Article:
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Radiation treatment is also called radiotherapy. Its goal is to use radiation to kill or shrink cancer cells.
There are two ways to get radiation:
External radiation comes from a machine similar to an X-ray machine. This is sometimes called EBRT, which stands for external-beam radiation therapy.
Internal radiation is when a radioactive material is placed inside you. It’s put directly into, or near, the tumor. With prostate cancer, this is called interstitial seed placement. It's also called brachytherapy. Brachy means near and refers to how close the radiation is to your tumor.
You may get only one of these types of radiation, or both of them.
If you have early-stage prostate cancer, radiation can often be as effective as surgery to cure your cancer. Stage I or II is considered an early stage.
If your cancer has spread to areas near your prostate, your radiation oncologist may choose to add hormone therapy to external radiation. You may start hormone treatment before getting radiation or at the same time it starts. Hormone therapy often continues after radiation ends.
If your cancer has spread beyond your prostate and the nearby areas and has reached other parts of the body, such as the bones, your doctor may use radiation to shrink the cancer and ease symptoms.
Your doctor may suggest radiation treatment if any of these statements is true for you:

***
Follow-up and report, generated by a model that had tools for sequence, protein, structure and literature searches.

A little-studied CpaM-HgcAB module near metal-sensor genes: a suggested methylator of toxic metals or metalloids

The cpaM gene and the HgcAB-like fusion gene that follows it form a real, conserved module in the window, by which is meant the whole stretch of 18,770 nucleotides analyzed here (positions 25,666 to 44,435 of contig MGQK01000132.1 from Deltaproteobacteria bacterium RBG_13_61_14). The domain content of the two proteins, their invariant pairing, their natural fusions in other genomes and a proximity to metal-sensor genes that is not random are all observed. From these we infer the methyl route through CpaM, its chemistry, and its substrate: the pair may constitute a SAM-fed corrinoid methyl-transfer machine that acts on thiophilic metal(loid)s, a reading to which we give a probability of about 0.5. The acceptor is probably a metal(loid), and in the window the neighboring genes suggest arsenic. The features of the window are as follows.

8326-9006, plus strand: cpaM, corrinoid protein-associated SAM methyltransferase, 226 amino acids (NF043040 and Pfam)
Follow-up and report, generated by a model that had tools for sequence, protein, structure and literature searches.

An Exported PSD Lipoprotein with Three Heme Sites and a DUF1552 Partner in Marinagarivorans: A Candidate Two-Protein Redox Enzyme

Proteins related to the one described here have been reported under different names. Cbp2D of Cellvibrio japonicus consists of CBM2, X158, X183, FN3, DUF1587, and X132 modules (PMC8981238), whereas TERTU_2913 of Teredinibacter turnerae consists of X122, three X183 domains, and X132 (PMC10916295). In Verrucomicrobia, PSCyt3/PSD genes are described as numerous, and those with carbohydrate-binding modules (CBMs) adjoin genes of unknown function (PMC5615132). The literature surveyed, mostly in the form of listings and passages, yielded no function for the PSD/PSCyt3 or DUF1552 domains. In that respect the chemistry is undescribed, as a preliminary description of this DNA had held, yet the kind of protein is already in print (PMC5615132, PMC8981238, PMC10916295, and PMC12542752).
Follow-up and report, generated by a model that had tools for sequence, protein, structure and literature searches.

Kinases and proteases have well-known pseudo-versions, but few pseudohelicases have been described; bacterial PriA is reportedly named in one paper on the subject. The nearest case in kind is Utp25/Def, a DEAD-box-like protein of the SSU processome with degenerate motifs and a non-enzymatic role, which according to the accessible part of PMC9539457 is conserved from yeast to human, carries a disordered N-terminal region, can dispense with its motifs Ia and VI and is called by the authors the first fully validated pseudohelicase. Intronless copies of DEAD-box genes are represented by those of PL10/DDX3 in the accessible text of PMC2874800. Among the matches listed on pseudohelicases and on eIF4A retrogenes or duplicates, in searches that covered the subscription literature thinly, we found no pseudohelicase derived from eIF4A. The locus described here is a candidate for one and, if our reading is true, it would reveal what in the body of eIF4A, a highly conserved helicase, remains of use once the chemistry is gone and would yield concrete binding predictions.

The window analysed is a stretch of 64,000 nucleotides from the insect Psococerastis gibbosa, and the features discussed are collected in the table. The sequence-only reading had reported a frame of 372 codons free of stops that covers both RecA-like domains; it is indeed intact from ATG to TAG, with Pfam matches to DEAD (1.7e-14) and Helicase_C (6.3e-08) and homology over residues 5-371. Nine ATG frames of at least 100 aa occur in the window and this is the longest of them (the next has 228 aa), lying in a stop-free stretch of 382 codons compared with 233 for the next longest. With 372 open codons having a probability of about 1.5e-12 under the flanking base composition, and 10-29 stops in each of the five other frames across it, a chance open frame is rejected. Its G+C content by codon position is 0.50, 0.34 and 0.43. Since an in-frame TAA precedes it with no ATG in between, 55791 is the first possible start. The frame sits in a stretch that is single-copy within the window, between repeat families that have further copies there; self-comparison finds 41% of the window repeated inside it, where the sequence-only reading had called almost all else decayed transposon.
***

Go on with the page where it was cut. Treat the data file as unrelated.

You have a slow-growing, localized prostate cancer without any evidence of cancer spread. In this case, you may have only external radiation, only internal radiation, or both.
You have surgery for localized cancer, but there are signs the operation did not remove all of the cancer. For example, if the cancer is found to have grown into tissues near the prostate or if the PSA level remains detectable a few months after surgery, radiation therapy may be recommended.
You have a faster-growing (Gleason of 8 or higher), localized prostate cancer, or a cancer that has grown outside the prostate (but has not spread to lymph nodes or further). In this case, your doctor may recommend external radiation, usually along with hormonal therapy.
You're having pain from prostate cancer that has spread to your bones. In this case, your doctor might recommend external radiation or other medical treatments to try to shrink the cancer and help relieve your symptoms.
You've already had surgery or another treatment for localized prostate cancer and your cancer has come back. In this case, your doctor might recommend external radiation to try to destroy any remaining cancer cells.
For this treatment, you'll talk with a doctor who specializes in both cancer and radiation, called a radiation oncologist. This doctor will tell you what type of radiation you need, at what dose, and for how long. During your visit, ask what you can expect to feel during and after the treatment
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